Brazil launches consultations on internet and privacy laws
Consultations follow enactment of Marco Civil law
Law number 12,965/2014, also known as the Brazilian Legal Framework for the Internet or ‘Marco Civil da Internet’ (the ‘Internet Law’) was sanctioned by the Brazilian President on 23 April 2014 and entered into force on 23 June 2014. The Internet Law is based on the principles of freedom of speech and user privacy and defines a number of rights and obligations for internet users, internet service providers (‘ISPs’) and internet applications. With 32 sections broadly discussed in Congress and via public consultation online, the Internet Law covers subjects such as: (i) net neutrality (section 9); (ii) protection of personal data (sections 10 and 11); and (iii) the safeguarding of information on users’ internet application log access (sections 13 through 15).
The Internet Law is already in full effect. However, the three subjects mentioned above, among others, still need to be regulated by way of a Decree. On 28 January 2015 the Ministry of Justice launched a public consultation concerning the regulation of the Internet Law1 and the deadline for comments is 31 March. This consultation has been divided as follows:
Net neutrality: the law provides for equal treatment of data traffic regardless of its content, origin and destination, service, terminal or application. Under this rule, internet providers are not allowed to offer internet services which prioritize access to certain types of data to the detriment of others. In practice, therefore, internet providers cannot offer easier or cheaper access to specific types of data. The consultation is focused on the exceptions contained in the Internet Law, which allow for the prioritization of ‘emergency services’ and ‘essential technical requirements’ in the provision of services and applications, terms that still require definition. The consultation is also probably going to cover details regarding the possible suspension of a user’s internet access upon his/her reaching the limit of the contracted internet access quota;
Privacy: the law expressly provides for the internet user’s ownership of his/her personal data and guarantees the user’s right to privacy of communications and to prior consent to the collection and treatment of the user’s personal data. The principles and regulations need to be clarified, such as those regarding transparency procedures, for example;
Log access information: the law establishes that both internet service providers and internet application providers shall maintain safe and confidential records on users’ internet and internet application access for one and a half years. The regulation should cover, for example, how such records should be kept;
Other matters: under this section comments may cover any aspects of the Internet Law which may require more detail, as well as obligations by the Federal government in connection with the Law.
The Decree covering the regulations shall be drafted based on the comments offered as part of the public consultation.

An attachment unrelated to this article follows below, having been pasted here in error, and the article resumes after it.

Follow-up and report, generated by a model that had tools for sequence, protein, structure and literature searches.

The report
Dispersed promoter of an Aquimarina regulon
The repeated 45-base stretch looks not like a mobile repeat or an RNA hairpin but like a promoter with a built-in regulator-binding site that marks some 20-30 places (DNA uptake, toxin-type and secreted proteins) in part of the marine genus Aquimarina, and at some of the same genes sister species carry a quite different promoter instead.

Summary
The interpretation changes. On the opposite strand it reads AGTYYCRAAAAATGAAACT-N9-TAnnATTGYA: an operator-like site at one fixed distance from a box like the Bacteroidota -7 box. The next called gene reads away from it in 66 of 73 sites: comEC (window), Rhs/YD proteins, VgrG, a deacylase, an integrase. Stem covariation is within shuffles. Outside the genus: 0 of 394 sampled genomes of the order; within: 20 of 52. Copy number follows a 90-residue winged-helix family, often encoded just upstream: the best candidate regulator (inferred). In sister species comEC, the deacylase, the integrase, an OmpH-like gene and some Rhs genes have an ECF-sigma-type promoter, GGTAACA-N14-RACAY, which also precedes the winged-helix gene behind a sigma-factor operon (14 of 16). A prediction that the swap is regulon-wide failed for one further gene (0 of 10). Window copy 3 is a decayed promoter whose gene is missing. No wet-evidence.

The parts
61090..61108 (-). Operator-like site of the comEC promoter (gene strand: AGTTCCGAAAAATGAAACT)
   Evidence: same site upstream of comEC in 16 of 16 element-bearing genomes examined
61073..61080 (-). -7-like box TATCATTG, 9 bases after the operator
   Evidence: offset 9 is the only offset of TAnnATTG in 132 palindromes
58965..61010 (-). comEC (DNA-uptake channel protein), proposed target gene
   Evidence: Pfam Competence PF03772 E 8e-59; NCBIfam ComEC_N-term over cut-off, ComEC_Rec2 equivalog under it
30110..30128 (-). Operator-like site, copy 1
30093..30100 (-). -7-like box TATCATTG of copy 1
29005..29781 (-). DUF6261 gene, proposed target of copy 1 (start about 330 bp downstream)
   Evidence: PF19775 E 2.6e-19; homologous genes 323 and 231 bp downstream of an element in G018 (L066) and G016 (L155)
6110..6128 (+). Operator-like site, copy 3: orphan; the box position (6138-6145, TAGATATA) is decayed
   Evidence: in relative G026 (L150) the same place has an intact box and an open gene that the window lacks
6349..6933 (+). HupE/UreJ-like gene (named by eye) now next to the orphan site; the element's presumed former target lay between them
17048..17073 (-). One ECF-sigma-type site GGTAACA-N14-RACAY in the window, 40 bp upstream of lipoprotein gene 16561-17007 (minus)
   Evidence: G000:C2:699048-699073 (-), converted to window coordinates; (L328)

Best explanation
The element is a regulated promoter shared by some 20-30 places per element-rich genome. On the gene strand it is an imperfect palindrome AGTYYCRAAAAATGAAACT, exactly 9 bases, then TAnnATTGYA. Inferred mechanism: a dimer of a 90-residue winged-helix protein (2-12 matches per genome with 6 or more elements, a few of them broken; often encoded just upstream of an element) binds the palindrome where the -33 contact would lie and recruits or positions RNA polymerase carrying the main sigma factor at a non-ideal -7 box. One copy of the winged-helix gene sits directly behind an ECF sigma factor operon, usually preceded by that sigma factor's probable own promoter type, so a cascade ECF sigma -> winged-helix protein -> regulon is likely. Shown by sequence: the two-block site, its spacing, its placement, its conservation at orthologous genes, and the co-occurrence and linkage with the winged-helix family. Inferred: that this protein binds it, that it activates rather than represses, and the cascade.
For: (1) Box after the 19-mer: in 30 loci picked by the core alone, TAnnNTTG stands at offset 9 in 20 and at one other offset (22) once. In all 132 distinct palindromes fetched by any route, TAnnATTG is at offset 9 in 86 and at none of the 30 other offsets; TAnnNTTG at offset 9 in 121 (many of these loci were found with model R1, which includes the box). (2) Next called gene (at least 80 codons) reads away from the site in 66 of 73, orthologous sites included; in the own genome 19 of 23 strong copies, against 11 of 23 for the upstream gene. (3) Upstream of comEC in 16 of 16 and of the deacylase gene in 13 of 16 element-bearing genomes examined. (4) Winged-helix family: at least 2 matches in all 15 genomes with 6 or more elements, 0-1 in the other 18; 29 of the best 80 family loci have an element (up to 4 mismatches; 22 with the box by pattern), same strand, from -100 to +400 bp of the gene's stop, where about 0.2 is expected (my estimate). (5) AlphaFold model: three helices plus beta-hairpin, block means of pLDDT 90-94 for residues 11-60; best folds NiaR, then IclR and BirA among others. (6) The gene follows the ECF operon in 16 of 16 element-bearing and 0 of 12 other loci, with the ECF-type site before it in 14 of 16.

The Internet Law impacts internet service providers and internet application providers that do business in Brazil, who should adapt their procedures in accordance with the Internet Law and keep a close eye on the enactment of the Decree, which will further regulate this law.
Simultaneously with the launch of the public consultation described above, the Ministry of Justice launched another online consultation in regards to the draft Personal Data Protection Bill of Law2. The deadline for comments is 30 April. While the Internet Law contains certain sections covering the collection and treatment of personal data, the draft Personal Data Protection Bill of Law goes much further, not only because it applies to the protection of data collected online and elsewhere, but also because this draft bill is a much more thorough, detailed and specific piece of legislation. The draft presented for public consultation is based on the principles of freedom of expression and privacy protection. Under the draft, the treatment of personal data requires free, specific and informed express consent, consent that may be revoked at any time. The data subject shall be informed about the purposes, form, and duration of the treatment. Consent shall not be required when the data collection and processing activities are required to comply with a contract with the data subject, as well as for the protection of the life or safety of the data subject or third parties. The treatment of sensitive data requires separate consent. The international transfer of data requires that the receiving country offers adequate security standards and such adequacy shall be measured by the competent governmental agency, still to be appointed in accordance with future regulation of the law. In case the level of security does not meet the minimum requirements, the data transfer shall require the data subject to make a separate and specific consent. Sanctions to be applied as a result of non-compliance with the law, which will also be subject to future regulation, shall take into consideration the seriousness and extent of the damage and the economic situation of the offender.
Unlike most Latin American countries, Brazil is only now working towards comprehensive legislation on data protection. All companies doing business in Brazil will be affected by the law and, therefore, should take part in the public consultation as well as closely monitor the developments.
Evy Marques Partner | Isabel Andrade | Senior Associate | Lays Pedro Associate | Felsberg Advogados, Brazil
Font: 1. participacao.mj.gov.br/marcocivil | 2. dadospessoais.mj.gov.br
E-Commerce Law and Policy – March 2015